Certain risk factors have been identified for the development of pica. It is important to note that not every person with one or more of these risk factors will experience pica. These risk factors include:

  • Childhood trauma.
  • Family problems.
  • Epilepsy.
  • Traumatic brain injury.
  • Brain damage due to other causes.
  • Pregnancy.
  • Epilepsy.
  • Intellectual impairment.
  • Developmental disabilities.

Since the exact cause and mechanism of pica is not fully understood, there may be many other possible causes and risk factors that have not been listed above.

Does pica provide deficient nutrients?

Cravings are not uncommon in nutritional deficiencies. This may be the body’s mechanism to acquire essential nutrients that are lacking. It may also be a factor in pica. However, this is less likely as the craving and consumption is for non-nutritive substances. Therefore pica should not be confused with cravings for certain foods in the backdrop of nutritional deficiencies.

Substances Consumed in Pica

Although there is a diversity of non-edible and indigestible substances that a person may consume, the following substances tend to be common among people with pica.

  • Chalk
  • Cigarette butts
  • Clay
  • Coal
  • Hair
  • Laundry starch
  • Matchstick heads
  • Paint chips
  • Plastic
  • Sand
  • Soap
  • Stones
  • String
  • Wood

It is not uncommon among people experiencing pica to consume feces. It is often associated with severe mental disorders.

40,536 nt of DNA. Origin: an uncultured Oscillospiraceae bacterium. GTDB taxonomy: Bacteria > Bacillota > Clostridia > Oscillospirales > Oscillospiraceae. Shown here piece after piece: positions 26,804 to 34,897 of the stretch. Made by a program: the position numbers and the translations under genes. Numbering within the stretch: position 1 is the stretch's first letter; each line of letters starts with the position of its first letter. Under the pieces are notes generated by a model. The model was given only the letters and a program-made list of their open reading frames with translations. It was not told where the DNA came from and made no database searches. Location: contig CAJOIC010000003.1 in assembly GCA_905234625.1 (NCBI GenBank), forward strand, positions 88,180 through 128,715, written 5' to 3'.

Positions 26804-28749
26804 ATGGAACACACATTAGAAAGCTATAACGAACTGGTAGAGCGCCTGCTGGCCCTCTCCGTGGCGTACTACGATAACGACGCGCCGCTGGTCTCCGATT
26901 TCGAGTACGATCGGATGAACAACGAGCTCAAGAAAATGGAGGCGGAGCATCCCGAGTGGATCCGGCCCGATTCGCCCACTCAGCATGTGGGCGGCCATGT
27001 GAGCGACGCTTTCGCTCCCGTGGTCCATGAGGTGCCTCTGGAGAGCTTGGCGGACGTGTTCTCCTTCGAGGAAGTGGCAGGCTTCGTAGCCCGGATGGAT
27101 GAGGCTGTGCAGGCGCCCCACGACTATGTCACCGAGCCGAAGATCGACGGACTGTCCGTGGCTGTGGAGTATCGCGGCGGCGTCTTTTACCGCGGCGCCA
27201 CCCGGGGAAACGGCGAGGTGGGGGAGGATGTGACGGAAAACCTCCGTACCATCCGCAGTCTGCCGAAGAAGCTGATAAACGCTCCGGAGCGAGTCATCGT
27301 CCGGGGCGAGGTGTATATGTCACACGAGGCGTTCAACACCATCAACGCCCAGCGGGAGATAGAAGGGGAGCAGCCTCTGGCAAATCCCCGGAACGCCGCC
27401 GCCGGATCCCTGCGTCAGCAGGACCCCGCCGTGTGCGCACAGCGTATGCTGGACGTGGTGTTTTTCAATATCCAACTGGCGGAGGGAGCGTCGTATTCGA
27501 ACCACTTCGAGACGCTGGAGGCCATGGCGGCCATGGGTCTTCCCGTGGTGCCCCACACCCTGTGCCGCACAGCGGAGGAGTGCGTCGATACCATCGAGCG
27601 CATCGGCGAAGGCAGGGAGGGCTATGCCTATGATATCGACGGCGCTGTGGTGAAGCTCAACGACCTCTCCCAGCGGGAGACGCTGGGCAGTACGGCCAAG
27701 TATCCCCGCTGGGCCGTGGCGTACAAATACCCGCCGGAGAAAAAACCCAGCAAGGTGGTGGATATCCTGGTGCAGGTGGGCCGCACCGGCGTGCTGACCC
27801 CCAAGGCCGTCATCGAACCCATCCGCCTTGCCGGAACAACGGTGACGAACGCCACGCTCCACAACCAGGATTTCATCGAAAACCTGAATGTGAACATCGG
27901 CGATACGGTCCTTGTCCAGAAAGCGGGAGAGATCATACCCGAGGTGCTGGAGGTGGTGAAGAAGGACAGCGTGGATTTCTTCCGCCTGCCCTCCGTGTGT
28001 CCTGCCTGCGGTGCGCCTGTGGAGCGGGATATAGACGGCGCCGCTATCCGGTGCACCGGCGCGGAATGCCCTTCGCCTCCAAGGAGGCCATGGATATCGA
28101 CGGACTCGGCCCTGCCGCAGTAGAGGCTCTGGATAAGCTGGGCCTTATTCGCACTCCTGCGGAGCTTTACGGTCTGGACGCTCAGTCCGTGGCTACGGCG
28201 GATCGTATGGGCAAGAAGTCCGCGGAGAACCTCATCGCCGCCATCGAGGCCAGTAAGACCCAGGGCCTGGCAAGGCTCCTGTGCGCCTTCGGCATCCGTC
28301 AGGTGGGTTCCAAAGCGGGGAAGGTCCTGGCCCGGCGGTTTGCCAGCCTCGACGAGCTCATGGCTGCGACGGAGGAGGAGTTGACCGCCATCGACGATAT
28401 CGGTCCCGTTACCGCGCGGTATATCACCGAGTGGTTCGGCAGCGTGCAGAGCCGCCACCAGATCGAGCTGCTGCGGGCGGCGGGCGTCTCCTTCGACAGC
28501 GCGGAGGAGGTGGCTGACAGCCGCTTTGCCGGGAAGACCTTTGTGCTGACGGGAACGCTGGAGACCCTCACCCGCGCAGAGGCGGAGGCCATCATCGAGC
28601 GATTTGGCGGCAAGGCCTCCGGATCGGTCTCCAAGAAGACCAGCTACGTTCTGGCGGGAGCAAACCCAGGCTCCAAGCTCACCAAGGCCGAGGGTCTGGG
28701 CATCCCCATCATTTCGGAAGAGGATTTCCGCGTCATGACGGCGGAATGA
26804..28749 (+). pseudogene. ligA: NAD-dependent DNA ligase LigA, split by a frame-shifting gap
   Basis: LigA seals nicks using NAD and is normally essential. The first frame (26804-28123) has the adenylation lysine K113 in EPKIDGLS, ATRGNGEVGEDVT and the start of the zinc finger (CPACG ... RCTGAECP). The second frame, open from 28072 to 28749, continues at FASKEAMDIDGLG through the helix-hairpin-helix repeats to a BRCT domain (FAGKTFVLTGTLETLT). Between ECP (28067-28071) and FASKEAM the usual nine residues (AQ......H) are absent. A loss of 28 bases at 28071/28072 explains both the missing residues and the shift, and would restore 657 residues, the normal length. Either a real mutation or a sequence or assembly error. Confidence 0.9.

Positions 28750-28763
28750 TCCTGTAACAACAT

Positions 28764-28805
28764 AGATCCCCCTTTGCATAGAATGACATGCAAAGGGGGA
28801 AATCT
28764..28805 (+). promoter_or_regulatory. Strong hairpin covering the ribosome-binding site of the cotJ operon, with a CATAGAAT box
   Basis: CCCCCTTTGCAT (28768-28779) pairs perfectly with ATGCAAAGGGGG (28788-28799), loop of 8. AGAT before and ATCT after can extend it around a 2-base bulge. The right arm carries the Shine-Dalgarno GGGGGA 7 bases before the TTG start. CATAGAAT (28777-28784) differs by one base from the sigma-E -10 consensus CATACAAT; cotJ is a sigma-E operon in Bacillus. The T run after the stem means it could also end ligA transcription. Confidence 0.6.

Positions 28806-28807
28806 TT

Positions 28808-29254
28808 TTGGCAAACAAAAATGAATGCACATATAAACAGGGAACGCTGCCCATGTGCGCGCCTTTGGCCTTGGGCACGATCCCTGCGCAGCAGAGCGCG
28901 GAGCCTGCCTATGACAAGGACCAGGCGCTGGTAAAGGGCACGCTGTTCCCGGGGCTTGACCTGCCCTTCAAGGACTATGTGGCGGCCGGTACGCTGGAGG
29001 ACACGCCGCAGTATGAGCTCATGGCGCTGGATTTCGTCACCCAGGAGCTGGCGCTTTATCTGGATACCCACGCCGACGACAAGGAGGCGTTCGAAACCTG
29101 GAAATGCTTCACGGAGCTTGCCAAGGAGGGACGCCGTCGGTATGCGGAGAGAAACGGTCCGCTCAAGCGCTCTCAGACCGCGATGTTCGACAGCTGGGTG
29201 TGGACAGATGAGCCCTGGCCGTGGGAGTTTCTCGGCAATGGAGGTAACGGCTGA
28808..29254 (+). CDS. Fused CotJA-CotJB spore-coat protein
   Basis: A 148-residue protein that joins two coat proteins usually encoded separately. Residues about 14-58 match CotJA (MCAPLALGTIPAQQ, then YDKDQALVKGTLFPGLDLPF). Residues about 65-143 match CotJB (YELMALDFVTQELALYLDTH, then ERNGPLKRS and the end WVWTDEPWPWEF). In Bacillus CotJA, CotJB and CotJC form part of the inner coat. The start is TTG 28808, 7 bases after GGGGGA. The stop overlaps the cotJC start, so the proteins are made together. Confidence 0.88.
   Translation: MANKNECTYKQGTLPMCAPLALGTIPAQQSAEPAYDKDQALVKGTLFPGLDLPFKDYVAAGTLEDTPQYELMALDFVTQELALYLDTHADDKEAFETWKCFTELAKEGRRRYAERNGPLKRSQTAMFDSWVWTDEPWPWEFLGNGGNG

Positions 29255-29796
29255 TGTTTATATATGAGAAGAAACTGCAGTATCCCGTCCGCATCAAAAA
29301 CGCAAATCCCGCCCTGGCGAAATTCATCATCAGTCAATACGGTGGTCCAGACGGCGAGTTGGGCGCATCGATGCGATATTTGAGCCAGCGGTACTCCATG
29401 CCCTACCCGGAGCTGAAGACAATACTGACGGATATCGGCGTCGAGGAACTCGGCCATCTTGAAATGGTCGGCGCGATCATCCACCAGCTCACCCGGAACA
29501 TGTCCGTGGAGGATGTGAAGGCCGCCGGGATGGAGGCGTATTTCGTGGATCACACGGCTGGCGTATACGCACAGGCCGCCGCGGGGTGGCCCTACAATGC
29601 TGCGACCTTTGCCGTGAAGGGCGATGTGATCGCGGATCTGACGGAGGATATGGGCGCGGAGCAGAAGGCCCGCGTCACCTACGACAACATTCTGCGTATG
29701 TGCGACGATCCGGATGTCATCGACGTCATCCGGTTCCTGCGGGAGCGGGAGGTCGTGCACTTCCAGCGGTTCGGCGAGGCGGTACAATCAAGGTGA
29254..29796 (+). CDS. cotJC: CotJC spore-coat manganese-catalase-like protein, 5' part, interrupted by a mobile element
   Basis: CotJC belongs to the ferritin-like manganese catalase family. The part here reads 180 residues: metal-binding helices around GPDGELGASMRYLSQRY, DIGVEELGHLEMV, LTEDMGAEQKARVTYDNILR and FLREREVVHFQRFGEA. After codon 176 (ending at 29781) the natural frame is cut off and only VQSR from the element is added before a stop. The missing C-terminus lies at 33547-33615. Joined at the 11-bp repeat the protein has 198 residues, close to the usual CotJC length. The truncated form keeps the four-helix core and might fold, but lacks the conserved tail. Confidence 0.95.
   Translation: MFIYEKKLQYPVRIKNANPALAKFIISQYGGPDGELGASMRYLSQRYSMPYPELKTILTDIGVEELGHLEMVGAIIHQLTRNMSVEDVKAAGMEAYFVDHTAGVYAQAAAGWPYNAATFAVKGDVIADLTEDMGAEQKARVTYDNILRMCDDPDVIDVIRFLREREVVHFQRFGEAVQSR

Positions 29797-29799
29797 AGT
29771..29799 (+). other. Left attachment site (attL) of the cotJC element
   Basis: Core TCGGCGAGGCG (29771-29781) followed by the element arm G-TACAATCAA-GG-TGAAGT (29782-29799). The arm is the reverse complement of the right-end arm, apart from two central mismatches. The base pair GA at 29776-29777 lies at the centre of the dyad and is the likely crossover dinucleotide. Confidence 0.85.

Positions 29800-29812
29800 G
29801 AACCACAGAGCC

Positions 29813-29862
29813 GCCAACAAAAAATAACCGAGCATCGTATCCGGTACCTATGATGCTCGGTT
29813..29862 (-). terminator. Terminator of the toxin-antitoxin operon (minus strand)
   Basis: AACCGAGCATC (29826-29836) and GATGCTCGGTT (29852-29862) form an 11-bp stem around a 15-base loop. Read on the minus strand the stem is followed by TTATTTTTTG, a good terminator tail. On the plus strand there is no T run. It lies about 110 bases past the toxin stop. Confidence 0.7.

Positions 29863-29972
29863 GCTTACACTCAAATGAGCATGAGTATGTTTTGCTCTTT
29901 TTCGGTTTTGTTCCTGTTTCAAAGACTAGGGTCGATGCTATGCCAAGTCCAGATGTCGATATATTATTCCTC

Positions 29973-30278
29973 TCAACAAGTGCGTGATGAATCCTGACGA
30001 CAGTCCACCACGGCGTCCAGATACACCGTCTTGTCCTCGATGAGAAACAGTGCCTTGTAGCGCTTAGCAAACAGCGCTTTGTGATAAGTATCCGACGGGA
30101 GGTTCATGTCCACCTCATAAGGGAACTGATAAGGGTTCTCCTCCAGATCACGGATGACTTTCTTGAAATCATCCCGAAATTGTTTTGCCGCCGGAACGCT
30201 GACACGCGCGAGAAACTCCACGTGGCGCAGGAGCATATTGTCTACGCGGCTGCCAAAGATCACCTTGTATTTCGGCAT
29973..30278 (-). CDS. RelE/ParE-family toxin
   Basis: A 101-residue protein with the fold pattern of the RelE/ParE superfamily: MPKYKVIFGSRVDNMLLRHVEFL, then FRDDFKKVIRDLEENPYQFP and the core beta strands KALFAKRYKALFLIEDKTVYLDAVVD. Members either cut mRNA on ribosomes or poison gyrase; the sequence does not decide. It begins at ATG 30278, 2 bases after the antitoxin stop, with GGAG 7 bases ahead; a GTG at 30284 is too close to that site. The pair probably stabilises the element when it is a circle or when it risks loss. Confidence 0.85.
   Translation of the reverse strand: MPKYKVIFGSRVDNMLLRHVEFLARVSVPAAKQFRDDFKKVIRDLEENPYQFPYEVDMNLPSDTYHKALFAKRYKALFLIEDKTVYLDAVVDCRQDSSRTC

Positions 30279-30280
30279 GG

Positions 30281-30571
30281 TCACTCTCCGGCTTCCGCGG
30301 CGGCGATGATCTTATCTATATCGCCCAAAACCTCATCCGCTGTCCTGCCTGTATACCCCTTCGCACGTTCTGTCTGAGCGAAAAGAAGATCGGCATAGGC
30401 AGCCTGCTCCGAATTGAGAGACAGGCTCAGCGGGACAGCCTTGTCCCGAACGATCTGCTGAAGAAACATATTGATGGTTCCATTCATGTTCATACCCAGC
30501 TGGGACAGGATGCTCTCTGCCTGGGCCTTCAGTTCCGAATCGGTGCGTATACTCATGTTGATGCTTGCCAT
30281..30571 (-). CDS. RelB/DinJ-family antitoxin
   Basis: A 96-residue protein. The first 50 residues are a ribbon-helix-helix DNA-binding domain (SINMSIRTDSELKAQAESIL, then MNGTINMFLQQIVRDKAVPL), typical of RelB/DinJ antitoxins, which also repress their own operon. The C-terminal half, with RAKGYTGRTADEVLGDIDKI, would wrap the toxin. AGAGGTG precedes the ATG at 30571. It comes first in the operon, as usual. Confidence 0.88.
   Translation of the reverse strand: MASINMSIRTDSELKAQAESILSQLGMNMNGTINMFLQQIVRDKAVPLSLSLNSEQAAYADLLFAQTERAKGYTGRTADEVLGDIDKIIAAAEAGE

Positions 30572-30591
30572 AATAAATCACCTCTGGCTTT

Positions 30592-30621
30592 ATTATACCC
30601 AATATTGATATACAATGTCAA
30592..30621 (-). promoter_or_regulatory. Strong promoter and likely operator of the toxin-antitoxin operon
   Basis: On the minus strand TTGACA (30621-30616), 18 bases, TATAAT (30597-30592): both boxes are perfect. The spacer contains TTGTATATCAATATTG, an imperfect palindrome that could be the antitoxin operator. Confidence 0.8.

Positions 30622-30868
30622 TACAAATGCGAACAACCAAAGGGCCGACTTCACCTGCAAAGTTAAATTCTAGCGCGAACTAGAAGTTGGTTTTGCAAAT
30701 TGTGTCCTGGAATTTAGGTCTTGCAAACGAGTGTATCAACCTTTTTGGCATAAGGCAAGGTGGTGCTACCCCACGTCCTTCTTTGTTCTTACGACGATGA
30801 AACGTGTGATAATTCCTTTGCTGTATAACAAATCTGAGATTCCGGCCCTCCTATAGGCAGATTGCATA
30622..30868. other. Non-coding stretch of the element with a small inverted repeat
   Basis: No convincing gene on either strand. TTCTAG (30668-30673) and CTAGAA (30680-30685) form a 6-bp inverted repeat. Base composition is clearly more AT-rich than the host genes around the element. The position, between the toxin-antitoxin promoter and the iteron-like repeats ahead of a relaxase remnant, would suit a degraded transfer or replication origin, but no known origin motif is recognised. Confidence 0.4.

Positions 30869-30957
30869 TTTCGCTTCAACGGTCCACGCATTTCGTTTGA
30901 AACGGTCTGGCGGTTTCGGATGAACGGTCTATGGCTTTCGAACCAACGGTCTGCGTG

Signs and Symptoms

Apart from the abnormal cravings and consumption of non-edible and indigestible substances, there may also be other associated signs and symptoms. This may be linked to the underlying cause of pica. These symptoms may also be due to the type of substances that are consumed which can lead to gastrointestinal inflammation, infections and even poisoning.

Some of these other signs and symptoms that may occur with pica includes:

  • Altered bowel habit, either constipation or diarrhea.
  • Nausea with or without vomiting.
  • Fever.
  • Changes in appetite.
  • Peptic ulcers.
  • Abdominal pain.
  • Dental problems.

The symptoms of some of the following complications may be present:

Treatment of Pica

There is no specific treatment for pica. It often resolves on its own in children. However, treatment of underlying disorders should be undertaken. Similarly treatment of any symptoms that may arise with pica is also important. Psychotherapy is advisable and antipsychotics may be helpful for certain mental health disorders where pica is likely to occur.

Older children, adolescents and adults experiencing pica may attempt to hide their behavior from close contacts. The condition may remain undiagnosed until a person admits to craving and consuming indigestible substances. Therefore pica should be considered when other causes of the associated symptoms have been excluded.

Apart from behavioral modification, nutritional supplements should be considered as a possible aid in treating pica. Small doses in the form of multivitamins or larger doses of single vitamins and minerals may be useful. It may not stop the pica but can exclude nutritional deficiencies as a possible factor even if there is no overt indication of a deficiency following blood tests.


  1. Pica. MSD Manuals.
  2. Pica. Medscape